Teaching Jobs in Schools

How to choose the right school when job hunting

As opposed to the vast majority of other job hunters, would-be teachers have got more factors to bear in mind when weighing up their options.

In addition to standard considerations like salary and location, you also have to think about the size of the school, its reputation, its culture, the behaviour of pupils and the personalities of staff. Therefore, striking the right balance isn’t easy and you may have to sacrifice one ideal for another.

However, here’s how you can make the most informed decision and find the right school to match to your requirements.

Do your research

It is important to conduct a little research about the schools you are considering, starting with their website. A regularly updated website with news about recent events or developments will give you an insight into the school’s values and culture.

Another good idea is finding the school’s most recent report from Ofsted. Although this will highlight any weaknesses or challenges, don’t be too concerned by a poor rating. Instead, read the text and see whether improvements are currently being implemented.

However, it is important to not be misguided by the school’s marketing materials and methods. First hand interaction with the staff and students is key to really knowing what the school is like.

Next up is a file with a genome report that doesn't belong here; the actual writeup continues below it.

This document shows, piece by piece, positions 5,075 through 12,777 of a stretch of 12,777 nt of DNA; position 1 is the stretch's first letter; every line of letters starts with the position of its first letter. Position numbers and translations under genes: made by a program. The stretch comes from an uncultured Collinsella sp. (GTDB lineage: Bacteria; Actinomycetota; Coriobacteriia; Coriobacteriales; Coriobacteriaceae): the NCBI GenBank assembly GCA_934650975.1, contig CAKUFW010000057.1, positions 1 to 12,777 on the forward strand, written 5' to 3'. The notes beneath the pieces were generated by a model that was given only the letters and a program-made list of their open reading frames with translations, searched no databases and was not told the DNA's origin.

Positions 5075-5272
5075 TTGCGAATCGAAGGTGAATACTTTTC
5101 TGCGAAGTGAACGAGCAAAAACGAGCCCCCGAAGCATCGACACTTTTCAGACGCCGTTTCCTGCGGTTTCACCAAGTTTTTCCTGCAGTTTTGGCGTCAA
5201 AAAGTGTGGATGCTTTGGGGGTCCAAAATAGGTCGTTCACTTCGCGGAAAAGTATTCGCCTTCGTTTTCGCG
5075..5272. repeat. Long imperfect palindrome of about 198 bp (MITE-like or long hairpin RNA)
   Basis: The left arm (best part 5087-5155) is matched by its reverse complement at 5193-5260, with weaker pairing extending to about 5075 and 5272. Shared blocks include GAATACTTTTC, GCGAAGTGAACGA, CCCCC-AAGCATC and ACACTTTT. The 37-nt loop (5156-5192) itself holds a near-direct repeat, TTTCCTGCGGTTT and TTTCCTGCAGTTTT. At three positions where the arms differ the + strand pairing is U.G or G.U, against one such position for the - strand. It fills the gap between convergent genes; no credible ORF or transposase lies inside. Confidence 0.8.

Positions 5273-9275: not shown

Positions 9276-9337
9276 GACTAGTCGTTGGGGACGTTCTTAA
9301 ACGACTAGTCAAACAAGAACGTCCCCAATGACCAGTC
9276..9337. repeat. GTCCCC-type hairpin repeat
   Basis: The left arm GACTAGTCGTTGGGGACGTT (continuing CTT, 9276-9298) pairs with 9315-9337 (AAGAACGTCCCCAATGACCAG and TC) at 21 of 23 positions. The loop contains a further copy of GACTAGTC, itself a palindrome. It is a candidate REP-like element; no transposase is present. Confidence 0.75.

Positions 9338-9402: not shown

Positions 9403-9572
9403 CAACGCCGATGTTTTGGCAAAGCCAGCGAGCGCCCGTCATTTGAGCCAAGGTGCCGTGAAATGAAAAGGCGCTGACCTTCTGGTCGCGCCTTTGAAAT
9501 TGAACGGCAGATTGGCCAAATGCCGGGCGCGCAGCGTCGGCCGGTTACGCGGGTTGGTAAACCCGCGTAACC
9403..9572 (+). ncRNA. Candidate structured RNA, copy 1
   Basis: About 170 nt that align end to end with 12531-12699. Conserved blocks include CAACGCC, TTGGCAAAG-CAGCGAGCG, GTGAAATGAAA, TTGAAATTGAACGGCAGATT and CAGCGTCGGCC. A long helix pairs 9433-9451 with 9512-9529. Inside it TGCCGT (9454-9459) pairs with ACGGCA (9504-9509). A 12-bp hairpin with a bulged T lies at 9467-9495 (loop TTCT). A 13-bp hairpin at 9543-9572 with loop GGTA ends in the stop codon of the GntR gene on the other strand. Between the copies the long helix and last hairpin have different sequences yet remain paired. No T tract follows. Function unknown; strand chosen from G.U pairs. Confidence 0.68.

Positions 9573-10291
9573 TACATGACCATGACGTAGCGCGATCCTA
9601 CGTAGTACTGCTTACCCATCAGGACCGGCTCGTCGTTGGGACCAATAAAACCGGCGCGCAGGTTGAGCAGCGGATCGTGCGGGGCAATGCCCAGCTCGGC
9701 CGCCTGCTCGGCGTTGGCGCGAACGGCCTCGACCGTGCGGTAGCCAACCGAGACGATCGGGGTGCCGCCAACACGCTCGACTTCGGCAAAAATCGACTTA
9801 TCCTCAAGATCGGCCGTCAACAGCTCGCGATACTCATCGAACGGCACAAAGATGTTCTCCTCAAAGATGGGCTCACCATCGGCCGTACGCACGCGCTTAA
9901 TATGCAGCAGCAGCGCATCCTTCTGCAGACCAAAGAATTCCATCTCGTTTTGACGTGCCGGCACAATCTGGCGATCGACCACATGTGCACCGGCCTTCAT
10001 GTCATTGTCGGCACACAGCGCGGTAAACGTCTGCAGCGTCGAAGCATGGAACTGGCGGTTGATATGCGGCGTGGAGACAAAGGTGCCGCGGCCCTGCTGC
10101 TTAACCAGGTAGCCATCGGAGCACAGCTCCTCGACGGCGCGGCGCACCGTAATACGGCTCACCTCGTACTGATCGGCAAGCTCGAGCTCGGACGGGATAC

Ask the right questions

During the interview process you should not only give details about your education and experience but also ask questions about the job and school.

Here are some questions you might want to ask:

  • Why has this position become available?
  • What is the average class size?
  • How do you assess students?
  • What benefits do staff enjoy?

Any information you couldn’t finding during your research should also be mentioned.

Try to meet the staff and students

Whenever you get the chance and if appropriate, try to speak with students about the school – what they like, what they dislike, and what they would change given the chance.

It may even be possible to arrange a convenient time to sit in on a lesson.  This will give you a great insight in to how the school operates, and will also show you a little about the personalities of some of the children.  This will also show your potential employer how enthusiastic you are about the teaching position.

Alex Thirkill, head of psychology and sociology at Glyn school in Epsom also has the following advice about meeting and talking to staff. “It’s very easy to chat to people in the staffroom. Have as many conversations as possible when you’re sitting there during the interview day”.

Be positive

Finding the best teaching job for yourself can be a long and exhausting process.  You may not find the most suitable school as quickly as you would like, but it is important to stay positive.  This positivity is attractive to potential employers.

After all, a school that doesn’t tick all of the right boxes might turn out to be a truly eye-opening and rewarding experience, which offers greater career development than a ‘dream’ role ever could.

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